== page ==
The original Calhoun monument at Marion Square was the subject of ridicule soon after its unveiling. Reports say that the four allegorical figures to accompany Calhoun were not completed at the time of the monument’s unveiling in 1887. Also, Calhoun’s hands appeared distorted and his wardrobe was inaccurate, among other concerns. The Calhoun monument we know today was completed in June 27, 1896 with little fanfare. No mention was made of the new monument in that day’s News and Courier. As the paper reported in 1972, “Apparently embarrassed at the failure surrounding the first statue, the ladies held no extravagant ceremonies for the unveiling.”
But back to the original Calhoun Day in 1887 and the context in which a monument to Calhoun was first presented. Tasked with summarizing Calhoun’s legacy on the day of his monument’s first unveiling in Charleston was U.S. Secretary of the Interior Lucius Q. C. Lamar. The Mississippi lawmaker and former official for the Confederacy gave an exhaustive account of Calhoun’s accomplishments as a politician and statesman before eventually discussing the topic of slavery.
“Fellow citizens: The institution of slavery! That question has been settled. Slavery is dead — buried in a grave that never gives up its dead. Why reopen it today?” Lamar said, according to a copy of his speech published in the April 27, 1887, edition of the News and Courier.
Lamar went on to state that Calhoun never expressed an opinion on slavery that wasn’t at least entertained by his fellow statesmen of his time. Lamar then argued toward the “benefits” that slavery had on America.
“Every benefit which slavery conferred upon those subject to it: all the ameliorating and humanizing tendencies it introduced into the life of the African, all the elevating agencies which lifted him higher in the scale of rational and moral being, were the elements of the future and inevitable destruction of the system,” Lamar told the throng of citizens gathered in Charleston that day. “The mistake that was made by the Southern defenders of slavery was in regarding it as a permanent form of society instead of a process of emergence and transition from barbarism to freedom. If at this very day the North or the American Union were to propose to re-establish the institution, it would be impracticable; the South could not and would not accept it as a boon.”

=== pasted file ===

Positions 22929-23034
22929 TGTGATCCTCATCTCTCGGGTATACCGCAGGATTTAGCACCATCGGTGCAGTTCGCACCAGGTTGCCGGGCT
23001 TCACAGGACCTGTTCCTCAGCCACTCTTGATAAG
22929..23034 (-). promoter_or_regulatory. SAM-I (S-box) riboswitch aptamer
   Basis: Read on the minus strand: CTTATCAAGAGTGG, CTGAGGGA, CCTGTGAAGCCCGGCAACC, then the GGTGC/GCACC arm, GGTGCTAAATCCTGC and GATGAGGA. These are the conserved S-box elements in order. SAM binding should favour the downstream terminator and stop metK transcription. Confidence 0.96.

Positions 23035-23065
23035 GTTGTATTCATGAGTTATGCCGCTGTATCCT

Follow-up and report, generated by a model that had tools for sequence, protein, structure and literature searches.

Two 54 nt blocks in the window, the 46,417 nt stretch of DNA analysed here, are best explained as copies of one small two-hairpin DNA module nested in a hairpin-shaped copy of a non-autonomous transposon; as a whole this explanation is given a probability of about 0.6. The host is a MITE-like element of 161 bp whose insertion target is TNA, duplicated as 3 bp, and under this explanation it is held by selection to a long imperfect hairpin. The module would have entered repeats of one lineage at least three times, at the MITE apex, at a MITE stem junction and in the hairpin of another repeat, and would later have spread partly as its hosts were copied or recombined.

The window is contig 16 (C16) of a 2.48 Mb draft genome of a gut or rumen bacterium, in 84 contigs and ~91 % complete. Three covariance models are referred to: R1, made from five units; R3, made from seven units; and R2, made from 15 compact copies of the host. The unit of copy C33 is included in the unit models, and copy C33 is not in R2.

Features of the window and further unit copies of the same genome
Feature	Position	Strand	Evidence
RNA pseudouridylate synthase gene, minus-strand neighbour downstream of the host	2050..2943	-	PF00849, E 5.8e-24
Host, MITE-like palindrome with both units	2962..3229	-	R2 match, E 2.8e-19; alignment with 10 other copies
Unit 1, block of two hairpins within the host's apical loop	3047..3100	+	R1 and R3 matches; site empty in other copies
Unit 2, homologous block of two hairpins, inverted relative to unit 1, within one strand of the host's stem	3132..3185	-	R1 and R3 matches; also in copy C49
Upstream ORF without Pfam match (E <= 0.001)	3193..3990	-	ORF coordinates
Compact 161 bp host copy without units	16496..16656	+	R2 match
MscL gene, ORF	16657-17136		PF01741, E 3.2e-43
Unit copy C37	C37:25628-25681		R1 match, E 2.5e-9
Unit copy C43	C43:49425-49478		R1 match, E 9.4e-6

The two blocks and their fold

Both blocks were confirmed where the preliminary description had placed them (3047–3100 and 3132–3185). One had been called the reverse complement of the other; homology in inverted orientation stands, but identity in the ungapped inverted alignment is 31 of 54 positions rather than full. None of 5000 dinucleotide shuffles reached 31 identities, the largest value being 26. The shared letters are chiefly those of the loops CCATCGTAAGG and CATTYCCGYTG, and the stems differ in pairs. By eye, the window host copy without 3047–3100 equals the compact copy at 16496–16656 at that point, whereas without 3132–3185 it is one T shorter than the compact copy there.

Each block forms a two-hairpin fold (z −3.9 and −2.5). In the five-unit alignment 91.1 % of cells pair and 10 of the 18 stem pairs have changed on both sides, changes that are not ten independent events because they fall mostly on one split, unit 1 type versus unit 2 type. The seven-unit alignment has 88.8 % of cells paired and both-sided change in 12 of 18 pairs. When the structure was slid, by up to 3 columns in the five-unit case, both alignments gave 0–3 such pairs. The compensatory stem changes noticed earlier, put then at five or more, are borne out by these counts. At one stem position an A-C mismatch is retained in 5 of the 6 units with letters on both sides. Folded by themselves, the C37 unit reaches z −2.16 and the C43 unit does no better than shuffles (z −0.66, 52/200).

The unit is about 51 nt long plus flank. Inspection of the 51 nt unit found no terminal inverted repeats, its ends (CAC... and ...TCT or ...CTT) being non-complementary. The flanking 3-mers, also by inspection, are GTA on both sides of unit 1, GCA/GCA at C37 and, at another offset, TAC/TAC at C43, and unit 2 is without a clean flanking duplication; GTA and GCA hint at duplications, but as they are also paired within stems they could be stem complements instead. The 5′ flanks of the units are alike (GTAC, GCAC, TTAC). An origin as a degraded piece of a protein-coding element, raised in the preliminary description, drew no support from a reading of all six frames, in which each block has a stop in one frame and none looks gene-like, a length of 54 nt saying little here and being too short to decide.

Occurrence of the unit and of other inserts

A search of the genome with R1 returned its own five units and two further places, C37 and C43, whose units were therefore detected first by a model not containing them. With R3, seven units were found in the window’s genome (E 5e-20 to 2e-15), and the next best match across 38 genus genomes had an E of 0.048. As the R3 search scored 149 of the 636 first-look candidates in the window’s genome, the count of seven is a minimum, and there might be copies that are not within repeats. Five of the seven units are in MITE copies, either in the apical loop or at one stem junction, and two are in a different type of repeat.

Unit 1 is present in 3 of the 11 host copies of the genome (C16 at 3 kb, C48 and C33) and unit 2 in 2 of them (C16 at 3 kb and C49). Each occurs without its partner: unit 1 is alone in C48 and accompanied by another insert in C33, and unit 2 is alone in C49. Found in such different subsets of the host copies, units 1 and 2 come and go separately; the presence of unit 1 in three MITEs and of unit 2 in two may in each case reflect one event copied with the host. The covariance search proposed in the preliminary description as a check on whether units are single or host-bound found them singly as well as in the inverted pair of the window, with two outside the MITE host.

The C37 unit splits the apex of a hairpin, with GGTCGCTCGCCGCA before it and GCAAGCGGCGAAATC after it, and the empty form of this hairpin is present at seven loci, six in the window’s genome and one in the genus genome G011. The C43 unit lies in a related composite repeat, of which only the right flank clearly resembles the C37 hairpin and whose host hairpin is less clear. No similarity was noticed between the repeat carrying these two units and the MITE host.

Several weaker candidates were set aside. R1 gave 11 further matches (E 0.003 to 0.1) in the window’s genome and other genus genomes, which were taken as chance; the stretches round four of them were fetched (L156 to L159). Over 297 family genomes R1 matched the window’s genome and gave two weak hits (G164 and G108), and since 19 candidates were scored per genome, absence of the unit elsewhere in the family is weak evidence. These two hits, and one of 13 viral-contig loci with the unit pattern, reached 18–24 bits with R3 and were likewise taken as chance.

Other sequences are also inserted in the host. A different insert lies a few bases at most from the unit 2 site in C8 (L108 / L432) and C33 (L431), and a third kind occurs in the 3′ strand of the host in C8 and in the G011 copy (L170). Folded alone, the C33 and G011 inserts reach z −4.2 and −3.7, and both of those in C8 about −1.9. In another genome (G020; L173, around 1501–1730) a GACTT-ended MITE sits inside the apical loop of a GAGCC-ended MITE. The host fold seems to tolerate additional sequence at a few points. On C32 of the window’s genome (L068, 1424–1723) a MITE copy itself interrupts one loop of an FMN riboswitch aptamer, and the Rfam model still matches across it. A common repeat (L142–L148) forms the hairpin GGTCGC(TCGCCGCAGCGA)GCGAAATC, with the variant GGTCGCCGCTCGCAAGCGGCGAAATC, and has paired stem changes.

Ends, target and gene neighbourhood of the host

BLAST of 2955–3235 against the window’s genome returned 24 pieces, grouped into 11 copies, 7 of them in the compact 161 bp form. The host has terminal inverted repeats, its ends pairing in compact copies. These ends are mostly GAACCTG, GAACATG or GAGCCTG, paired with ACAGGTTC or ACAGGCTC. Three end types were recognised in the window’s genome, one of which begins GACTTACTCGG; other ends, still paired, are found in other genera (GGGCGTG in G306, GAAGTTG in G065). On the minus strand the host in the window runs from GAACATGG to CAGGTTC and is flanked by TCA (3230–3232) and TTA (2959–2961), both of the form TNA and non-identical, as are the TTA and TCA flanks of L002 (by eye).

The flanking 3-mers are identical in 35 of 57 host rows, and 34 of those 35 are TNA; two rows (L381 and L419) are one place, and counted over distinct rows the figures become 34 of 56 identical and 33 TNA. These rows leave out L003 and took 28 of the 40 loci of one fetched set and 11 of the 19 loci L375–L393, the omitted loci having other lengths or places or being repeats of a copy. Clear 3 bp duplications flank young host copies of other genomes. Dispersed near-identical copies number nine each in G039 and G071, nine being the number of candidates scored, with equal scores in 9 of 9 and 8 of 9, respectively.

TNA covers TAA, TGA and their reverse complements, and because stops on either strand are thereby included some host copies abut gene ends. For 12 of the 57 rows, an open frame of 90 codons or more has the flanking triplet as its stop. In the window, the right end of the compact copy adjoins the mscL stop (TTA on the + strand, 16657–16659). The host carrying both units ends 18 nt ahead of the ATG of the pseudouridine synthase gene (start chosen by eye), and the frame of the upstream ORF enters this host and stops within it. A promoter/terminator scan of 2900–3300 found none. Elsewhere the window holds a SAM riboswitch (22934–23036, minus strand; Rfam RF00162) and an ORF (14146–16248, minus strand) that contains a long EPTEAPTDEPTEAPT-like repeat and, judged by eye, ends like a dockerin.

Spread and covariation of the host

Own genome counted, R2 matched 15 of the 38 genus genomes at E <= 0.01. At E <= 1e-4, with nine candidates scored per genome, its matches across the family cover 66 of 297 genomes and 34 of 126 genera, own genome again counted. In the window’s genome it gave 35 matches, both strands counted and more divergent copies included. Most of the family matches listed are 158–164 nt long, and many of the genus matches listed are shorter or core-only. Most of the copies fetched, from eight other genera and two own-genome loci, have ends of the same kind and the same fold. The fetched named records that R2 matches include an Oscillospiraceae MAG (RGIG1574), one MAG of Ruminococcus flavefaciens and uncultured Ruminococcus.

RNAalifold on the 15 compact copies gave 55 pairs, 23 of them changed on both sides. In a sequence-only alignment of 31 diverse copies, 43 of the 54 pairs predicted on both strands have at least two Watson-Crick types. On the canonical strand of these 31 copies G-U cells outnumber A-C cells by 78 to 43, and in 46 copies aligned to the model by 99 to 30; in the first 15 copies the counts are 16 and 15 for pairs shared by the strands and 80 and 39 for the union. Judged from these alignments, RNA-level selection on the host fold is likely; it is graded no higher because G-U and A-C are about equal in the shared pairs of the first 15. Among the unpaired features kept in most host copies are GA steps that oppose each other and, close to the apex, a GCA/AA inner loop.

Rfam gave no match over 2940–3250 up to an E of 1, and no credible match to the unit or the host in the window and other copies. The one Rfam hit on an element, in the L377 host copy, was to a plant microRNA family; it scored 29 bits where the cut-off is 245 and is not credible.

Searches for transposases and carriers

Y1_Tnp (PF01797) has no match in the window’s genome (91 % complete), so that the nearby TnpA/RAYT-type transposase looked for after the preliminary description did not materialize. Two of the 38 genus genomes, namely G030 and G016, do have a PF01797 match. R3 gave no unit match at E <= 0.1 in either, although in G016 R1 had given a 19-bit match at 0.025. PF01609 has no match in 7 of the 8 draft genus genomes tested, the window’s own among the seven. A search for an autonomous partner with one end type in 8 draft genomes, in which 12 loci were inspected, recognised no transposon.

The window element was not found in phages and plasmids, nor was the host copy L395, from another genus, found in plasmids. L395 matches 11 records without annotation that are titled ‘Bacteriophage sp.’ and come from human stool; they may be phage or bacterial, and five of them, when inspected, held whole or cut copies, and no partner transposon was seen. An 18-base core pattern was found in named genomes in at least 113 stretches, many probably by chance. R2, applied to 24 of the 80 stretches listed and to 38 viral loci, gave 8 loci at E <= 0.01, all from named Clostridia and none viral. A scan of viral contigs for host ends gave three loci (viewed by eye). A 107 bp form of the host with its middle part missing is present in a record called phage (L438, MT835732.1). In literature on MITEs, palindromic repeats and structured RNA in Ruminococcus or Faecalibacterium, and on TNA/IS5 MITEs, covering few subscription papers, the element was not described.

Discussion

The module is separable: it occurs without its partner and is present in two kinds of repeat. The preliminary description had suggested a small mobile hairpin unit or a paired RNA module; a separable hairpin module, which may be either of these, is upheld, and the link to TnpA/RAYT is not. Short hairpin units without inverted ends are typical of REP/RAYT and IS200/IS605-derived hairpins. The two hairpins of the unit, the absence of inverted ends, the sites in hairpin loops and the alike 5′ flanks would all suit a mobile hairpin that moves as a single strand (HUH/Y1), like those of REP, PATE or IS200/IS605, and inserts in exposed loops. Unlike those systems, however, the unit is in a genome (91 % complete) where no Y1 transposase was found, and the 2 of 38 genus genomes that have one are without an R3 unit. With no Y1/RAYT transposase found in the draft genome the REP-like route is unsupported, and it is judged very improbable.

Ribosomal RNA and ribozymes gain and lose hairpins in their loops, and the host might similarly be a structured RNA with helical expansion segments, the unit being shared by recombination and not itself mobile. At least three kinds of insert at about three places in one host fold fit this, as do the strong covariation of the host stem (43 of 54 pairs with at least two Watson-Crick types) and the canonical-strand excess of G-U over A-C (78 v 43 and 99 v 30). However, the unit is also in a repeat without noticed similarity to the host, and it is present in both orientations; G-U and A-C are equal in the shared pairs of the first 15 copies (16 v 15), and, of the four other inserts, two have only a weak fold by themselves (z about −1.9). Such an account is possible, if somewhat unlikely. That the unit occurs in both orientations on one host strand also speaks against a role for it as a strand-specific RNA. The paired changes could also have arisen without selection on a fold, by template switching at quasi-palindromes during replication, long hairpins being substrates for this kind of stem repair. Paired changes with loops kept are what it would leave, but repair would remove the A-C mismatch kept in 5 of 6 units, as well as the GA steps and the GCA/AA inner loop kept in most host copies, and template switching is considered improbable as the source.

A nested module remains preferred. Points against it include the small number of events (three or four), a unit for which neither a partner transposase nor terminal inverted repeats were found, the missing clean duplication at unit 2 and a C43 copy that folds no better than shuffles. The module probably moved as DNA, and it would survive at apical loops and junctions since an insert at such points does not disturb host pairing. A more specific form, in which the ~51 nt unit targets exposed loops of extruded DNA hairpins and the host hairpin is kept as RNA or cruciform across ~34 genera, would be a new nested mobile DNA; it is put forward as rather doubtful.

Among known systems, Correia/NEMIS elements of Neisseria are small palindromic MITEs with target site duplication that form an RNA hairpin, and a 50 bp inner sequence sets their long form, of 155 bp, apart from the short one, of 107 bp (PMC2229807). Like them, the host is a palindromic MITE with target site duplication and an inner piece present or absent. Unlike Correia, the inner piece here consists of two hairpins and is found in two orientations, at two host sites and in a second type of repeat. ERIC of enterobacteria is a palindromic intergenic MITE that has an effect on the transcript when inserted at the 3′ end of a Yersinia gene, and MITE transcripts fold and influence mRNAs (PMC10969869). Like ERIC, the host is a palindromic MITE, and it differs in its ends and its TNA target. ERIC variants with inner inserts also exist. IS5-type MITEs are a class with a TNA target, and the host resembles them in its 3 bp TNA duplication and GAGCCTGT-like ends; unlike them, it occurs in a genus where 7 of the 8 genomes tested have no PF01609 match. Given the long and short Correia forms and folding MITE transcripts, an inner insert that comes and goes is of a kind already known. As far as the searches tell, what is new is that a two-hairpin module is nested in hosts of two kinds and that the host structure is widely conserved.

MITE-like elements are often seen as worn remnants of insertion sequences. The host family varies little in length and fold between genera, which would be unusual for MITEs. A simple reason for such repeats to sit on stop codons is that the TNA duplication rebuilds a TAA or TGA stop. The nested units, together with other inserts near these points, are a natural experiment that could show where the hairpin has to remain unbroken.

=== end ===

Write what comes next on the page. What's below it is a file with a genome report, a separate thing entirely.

While Lamar’s view that slavery had served as a necessary step in “humanizing” the victims subjected to the system is horrifying by modern standards, his speech earned immense acclaim from writers all across the country. Reviews of Lamar’s dedication to Calhoun were published in the May 2, 1887, edition of the News and Courier. The Philadelphia Record wrote that “In developing the relations of Calhoun with the great issue that divided the North and South, Secretary Lamar treated slavery as dead, and he expressed the sentiments of the Southern people when he said that they would not revive the corpse if they could.”
The St. Louis Republican called Lamar’s speech eloquent and fitting such a happy occasion. The Boston Post claimed that the speech would elevate Lamar’s national profile. But it was the Hartford Courant that provided the closest description to what modern Charlestonians grapple with today as it concerns the Calhoun monument.
“We of the North have no quarrel with the honors paid by Calhoun’s state to Calhoun’s memory. He was incomparably her greatest son. He loved her devotedly, if not wisely. He stamped his name indelibly upon her history,” the paper wrote. “Yet as the coming generations of South Carolinians, to whom ‘Calhounism,’ ‘nullification,’ ‘secession,’ and ‘slavery’ will be only traditions contemplate the statue unveiled at Charleston, some wonder will inevitably mingle with their admiration — wonder that so vigorous and lucid an intellect should have gone so astray.”